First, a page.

To determine the attributable cost of ventilator-associated pneumonia from a hospital-based cost perspective, after adjusting for potential confounders.
Patients admitted between January 19, 1998, and December 31, 1999, were followed prospectively for the occurrence of ventilator-associated pneumonia. Hospital costs were defined by using the hospital cost accounting database.
The medical and surgical intensive care units at a suburban, tertiary care hospital.
Patients requiring >24 hrs of mechanical ventilation.
We measured occurrence of ventilator-associated pneumonia, in-hospital mortality rate, total intensive care unit (ICU) and hospital lengths of stay (LOS), and total hospital cost per patient. Ventilator-associated pneumonia occurred in 127 of 819 patients (15.5%). Compared with uninfected, ventilated patients, patients with ventilator-associated pneumonia had a higher Acute Physiology and Chronic Health Evaluation II score on admission (p < .001) and were more likely to require multiple intubations (p < .001), hemodialysis (p < .001), tracheostomy (p < .001), central venous catheters (p < .001), and corticosteroids (p < .001). Patients with ventilator-associated pneumonia were more likely to be bacteremic during their ICU stay (36 [28%] vs. 22 [3%];p < .001). Patients with ventilator-associated pneumonia had significantly higher unadjusted ICU LOS (26 vs. 4 days;p < .001), hospital LOS (38 vs. 13 days;p < .001), mortality rate (64 [50%] vs. 237 [34%];p < .001), and hospital costs ($70,568 vs. $21,620, p < .001). Multiple linear regression, controlling for other factors that may affect costs, estimated the attributable cost of ventilator-associated pneumonia to be $11,897 (95% confidence interval = $5,265–$26,214;p < .001).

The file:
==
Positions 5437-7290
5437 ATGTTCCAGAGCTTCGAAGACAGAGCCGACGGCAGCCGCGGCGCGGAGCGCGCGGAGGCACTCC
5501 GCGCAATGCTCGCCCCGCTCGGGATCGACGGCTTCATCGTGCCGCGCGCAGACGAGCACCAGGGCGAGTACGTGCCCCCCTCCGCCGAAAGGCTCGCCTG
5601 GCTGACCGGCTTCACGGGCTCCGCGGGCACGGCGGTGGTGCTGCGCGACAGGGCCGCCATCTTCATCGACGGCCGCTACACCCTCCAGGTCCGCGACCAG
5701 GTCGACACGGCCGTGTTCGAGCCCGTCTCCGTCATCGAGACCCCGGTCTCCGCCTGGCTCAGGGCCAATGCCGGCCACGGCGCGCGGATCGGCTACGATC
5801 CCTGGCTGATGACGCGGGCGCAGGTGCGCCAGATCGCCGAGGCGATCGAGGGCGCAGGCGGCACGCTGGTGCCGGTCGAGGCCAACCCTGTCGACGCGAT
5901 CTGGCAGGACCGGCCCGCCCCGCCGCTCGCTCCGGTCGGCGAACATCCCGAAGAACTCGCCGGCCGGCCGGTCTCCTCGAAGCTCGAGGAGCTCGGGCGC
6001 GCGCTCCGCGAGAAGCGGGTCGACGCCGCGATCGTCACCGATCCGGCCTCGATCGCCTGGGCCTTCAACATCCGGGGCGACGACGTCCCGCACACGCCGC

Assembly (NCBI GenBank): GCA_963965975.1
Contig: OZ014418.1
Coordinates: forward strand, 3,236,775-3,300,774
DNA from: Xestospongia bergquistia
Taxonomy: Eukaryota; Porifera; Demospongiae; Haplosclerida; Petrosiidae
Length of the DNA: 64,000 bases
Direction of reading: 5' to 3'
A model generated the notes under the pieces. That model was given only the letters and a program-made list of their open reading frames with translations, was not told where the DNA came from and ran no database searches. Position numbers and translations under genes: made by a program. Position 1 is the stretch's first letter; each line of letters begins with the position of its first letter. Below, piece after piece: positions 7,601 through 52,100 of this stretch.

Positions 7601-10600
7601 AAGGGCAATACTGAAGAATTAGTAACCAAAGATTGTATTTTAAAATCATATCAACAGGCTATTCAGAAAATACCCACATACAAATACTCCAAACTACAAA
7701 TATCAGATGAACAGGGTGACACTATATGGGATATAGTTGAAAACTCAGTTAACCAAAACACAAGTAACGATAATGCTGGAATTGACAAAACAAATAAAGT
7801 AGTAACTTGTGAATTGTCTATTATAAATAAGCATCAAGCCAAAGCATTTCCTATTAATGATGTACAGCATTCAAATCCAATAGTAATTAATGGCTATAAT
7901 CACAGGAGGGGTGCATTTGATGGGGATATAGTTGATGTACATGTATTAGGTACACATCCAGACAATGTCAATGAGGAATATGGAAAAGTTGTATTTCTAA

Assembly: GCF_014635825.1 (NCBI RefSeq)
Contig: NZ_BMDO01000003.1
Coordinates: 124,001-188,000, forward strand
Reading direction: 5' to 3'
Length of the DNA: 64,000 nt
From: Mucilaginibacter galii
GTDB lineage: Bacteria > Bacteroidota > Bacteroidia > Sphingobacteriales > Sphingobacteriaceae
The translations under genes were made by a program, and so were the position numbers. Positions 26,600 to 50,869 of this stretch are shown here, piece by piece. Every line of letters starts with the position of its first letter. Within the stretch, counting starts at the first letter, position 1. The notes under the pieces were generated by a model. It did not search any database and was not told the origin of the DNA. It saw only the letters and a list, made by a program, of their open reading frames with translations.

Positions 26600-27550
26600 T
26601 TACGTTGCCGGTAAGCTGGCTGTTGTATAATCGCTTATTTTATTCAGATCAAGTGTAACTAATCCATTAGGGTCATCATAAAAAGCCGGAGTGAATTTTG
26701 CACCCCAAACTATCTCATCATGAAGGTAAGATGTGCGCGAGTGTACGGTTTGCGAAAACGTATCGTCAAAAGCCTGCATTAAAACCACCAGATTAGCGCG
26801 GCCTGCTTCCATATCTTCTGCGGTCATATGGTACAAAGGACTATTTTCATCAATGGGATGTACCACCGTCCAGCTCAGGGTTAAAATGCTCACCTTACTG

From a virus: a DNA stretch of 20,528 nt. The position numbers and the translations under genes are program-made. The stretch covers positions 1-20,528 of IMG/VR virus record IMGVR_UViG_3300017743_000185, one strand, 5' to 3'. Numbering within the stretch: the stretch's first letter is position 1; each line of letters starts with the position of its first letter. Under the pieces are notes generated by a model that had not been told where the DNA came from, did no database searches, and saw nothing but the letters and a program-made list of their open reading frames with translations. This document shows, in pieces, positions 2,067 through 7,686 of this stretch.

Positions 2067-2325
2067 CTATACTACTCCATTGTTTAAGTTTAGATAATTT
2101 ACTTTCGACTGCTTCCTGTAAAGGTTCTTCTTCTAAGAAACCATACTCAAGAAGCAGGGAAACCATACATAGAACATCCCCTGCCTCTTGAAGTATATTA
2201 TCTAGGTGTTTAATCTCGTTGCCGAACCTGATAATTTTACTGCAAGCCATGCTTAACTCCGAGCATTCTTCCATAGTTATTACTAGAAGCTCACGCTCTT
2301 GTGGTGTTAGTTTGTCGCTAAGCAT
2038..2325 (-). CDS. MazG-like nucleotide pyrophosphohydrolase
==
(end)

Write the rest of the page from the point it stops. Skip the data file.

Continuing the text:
Patients with ventilator-associated pneumonia had significantly longer ICU and hospital LOS, with higher crude hospital cost and mortality rate compared with uninfected patients. After we adjusted for underlying severity of illness, the attributable cost of ventilator-associated pneumonia was approximately $11,897.
From the Division of Infectious Diseases (DKW, SJS, MAO, VJF) and Division of Pulmonary and Critical Care Medicine (MHK), Washington University School of Medicine, St. Louis, MO; Departments of Surgery and Health Evaluation Sciences (CSH), Penn State College of Medicine, Hershey, PA; and Missouri Baptist Medical Center (MJC, MMC), BJC Healthcare, St. Louis, MO.
Supported, in part, by CDC Cooperative Agreement UR8/CCU715087-01 and the NFID Postdoctoral Fellowship in Nosocomial Infection Research and Training.
Address requests for reprints to: David K. Warren, MD, Division of Infectious Diseases, Washington University School of Medicine, Campus Box 8051, 660 S. Euclid Avenue Ave., St. Louis, MO 63110. E-mail: firstname.lastname@example.org
Patients with ventilator-associated pneumonia had significantly longer intensive care unit and hospital lengths of stay, with higher crude hospital cost and mortality rate compared with uninfected patients.
*See also p. 1582.